Lower Bounds on the Query Complexity of Non-uniform and Adaptive Reductions Showing Hardness Amplification

Sergei Artemenko, Ronen Shaltiel

Research output: Contribution to journalArticlepeer-review

Abstract

Hardness amplification results show that for every Boolean function f, there exists a Boolean function Amp(f) such that if every size s circuit computes f correctly on at most a 1 - δ fraction of inputs, then every size s′ circuit computes Amp(f) correctly on at most a 1/2 + ∈ fraction of inputs. All hardness amplification results in the literature suffer from "size loss" meaning that s′ ≤ ∈ · s. We show that proofs using "non-uniform reductions" must suffer from such size loss. A reduction is an oracle circuit R(·) which given oracle access to any function D that computes Amp(f) correctly on a 1/2 + ∈ fraction of inputs, computes f correctly on a 1 - δ fraction of inputs. A non-uniform reduction is allowed to also receive a short advice string that may depend on both f and D. The well-known connection between hardness amplification and list-decodable error-correcting codes implies that reductions showing hardness amplification cannot be uniform for ∈ < 1/4. We show that every non-uniform reduction must make at least Ω(1/∈) queries to its oracle, which implies size loss. Our result is the first lower bound that applies to non-uniform reductions that are adaptive, whereas previous bounds by Shaltiel & Viola (SICOMP 2010) applied only to non-adaptive reductions. We also prove similar bounds for a stronger notion of "function-specific" reductions in which the reduction is only required to work for a specific function f.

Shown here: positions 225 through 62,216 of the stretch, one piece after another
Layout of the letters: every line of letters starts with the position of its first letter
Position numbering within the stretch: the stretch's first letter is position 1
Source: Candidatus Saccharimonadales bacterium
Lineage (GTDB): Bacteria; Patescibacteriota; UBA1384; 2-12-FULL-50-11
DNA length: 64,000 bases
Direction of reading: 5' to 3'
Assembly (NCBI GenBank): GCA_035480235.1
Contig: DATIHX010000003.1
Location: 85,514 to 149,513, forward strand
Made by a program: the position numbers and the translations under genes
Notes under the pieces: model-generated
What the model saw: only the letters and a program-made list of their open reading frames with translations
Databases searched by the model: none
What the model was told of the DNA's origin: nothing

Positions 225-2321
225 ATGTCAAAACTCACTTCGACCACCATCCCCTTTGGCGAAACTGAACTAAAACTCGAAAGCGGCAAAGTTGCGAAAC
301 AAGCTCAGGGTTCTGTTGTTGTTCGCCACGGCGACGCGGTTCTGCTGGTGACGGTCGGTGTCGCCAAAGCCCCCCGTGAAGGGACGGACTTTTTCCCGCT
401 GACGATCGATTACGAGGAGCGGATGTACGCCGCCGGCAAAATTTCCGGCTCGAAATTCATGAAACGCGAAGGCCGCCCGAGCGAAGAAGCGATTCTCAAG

Original languageAmerican English
Pages (from-to)43-83
Number of pages41
JournalComputational Complexity
Volume23
Issue number1
DOIs
StatePublished - Mar 2014

Keywords

  • Hardness amplification
  • black-box reductions

All Science Journal Classification (ASJC) codes

  • Computational Mathematics
  • Theoretical Computer Science
  • Computational Theory and Mathematics
  • General Mathematics

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